43 See Collins v. Loisel, 259 U.S. 309, 314-15 (1922); Bingham v. Bradley, 241 U.S. 511, 516-17 (1916); Charlton v. Kelly, 229 U.S. 447, 456 (1913); McNamara v. Henkel, 226 U.S. 520, 523 (1913); Elias v. Ramirez, 215 U.S. 398, 406-07 (1910); Terlinden v. Ames, 184 U.S. 270, 278 (1902); Bryant v. United States, 167 U.S. 104, 105 (1897); Ornelas v. Ruiz, 161 U.S. 502, 508-09 (1896); see also Hughes v. Gault, 271 U.S. 142, 151-52 (1926) (dictum). Semmelman, supra at n 97. Back to article.

44 Semmelman, supra at 1211. Back to article.

45 Id. Back to article.

46 The abrupt cessation of U.S. Supreme Court consideration of the issue coincided with the enactment of the so-called "Judges' Bill." Act of Feb. 13, 1925, ch. 229, 43 Stat. 936. The bill "radically altered the [Supreme] Court's function, converting what had been a largely mandatory jurisdiction into a predominantly certiorari (or discretionary) docket." Samuel Estreicher & John Sexton, Redefining The Supreme Court's Role 12 (1986). Semmelman, supra at n 97. Back to article.

47 18 U.S.C. 3184. Back to article.

48 Kester, supra at 1469. Back to article.

49Id. at 1469-70. Back to article.

50 Id. at 1470. Back to article.

51 Kester, supra at 1459. Back to article.

52 Factor v. Laubenheimer, 290 U.S. 276, 303 (1933). Back to article.

53 Kester, supra at 1461. Back to article.

54 Id. at 1462. Back to article.

55 Id. at 1462-63. Back to article.

56 Papandrea, supra at 1189. Back to article.

57United States v Rauscher, 119 US 407, 409 (1886). Back to article.

58 Id. at 419. Back to article.

59 David H. Herrold, A New, Emerging World Order: Reflections of Tradition and Progression Through the Eyes of Two Courts, 2 Tulsa J. Comp. & Int'l L. 143 (1994). Back to article.

60Henning, supra at 361. Back to article.

61 Id. Back to article.

62 A statement of opinion or belief considered authoritative because of the dignity of the person making it. Blacks Law Dictionary, 366 (7th ed. 2000). Back to article.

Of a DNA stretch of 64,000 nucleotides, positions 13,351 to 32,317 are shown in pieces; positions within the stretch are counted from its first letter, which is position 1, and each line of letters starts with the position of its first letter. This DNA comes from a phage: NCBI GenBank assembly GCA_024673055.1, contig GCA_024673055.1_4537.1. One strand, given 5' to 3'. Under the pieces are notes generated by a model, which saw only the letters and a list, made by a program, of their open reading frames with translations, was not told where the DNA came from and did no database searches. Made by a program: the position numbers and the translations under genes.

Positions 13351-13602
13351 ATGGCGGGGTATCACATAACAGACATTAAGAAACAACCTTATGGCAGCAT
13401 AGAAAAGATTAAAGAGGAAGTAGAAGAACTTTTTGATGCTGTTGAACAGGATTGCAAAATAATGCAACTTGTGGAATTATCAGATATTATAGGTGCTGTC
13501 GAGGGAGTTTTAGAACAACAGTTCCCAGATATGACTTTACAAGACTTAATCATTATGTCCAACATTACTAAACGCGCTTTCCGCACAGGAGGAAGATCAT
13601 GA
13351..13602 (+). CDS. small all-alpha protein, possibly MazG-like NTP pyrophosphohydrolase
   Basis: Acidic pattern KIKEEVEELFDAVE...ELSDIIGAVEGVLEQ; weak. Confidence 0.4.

63 Kester, supra at n46. Back to article.

64United States v. Alvarez-Machain, 508 U.S. 655, 656-63 (1992). Back to article.

65Id. at 656-63. Back to article.

66 Henning, supra at 366. Back to article.

67 Kester, supra at 1442. Back to article.

68 Semmelman, supra at 1241. Back to article.

69 Charles Evans Hughes was born in Glens Falls, New York, on April 11, 1862. He died on August 27, 1948, at the age of eighty-six. On April 25, 1910, President William H. Taft nominated Hughes to the Supreme Court of the United States, and the Senate confirmed the appointment on May 2, 1910. In 1910, Hughes accepted nomination to the High Court from President Taft. He was commissioned on May 2, 1910 and he was sworn in on October 10, 1910. Six years later, on June 10, 1916, Hughes resigned to run against Woodrow Wilson for the presidency as the nominee of the Republican and Progressive Parties. He lost by a mere 23 electoral votes. On February 3, 1930, President Herbert Hoover nominated Hughes for Chief Justice of the United States Supreme Court. The U.S. Senate confirmed the appointment on February 13, 1930. Hughes' nomination to be chief justice met with opposition from Democrats who viewed Hughes as too closely aligned with corporate America. Their opposition was insufficient to deny Hughes the position. He was commissioned on February 13, 1930. After serving eleven years as Chief Justice, Hughes retired from his post on June 30, 1941. Back to article.

70 Kester, supra at 1491. Back to article.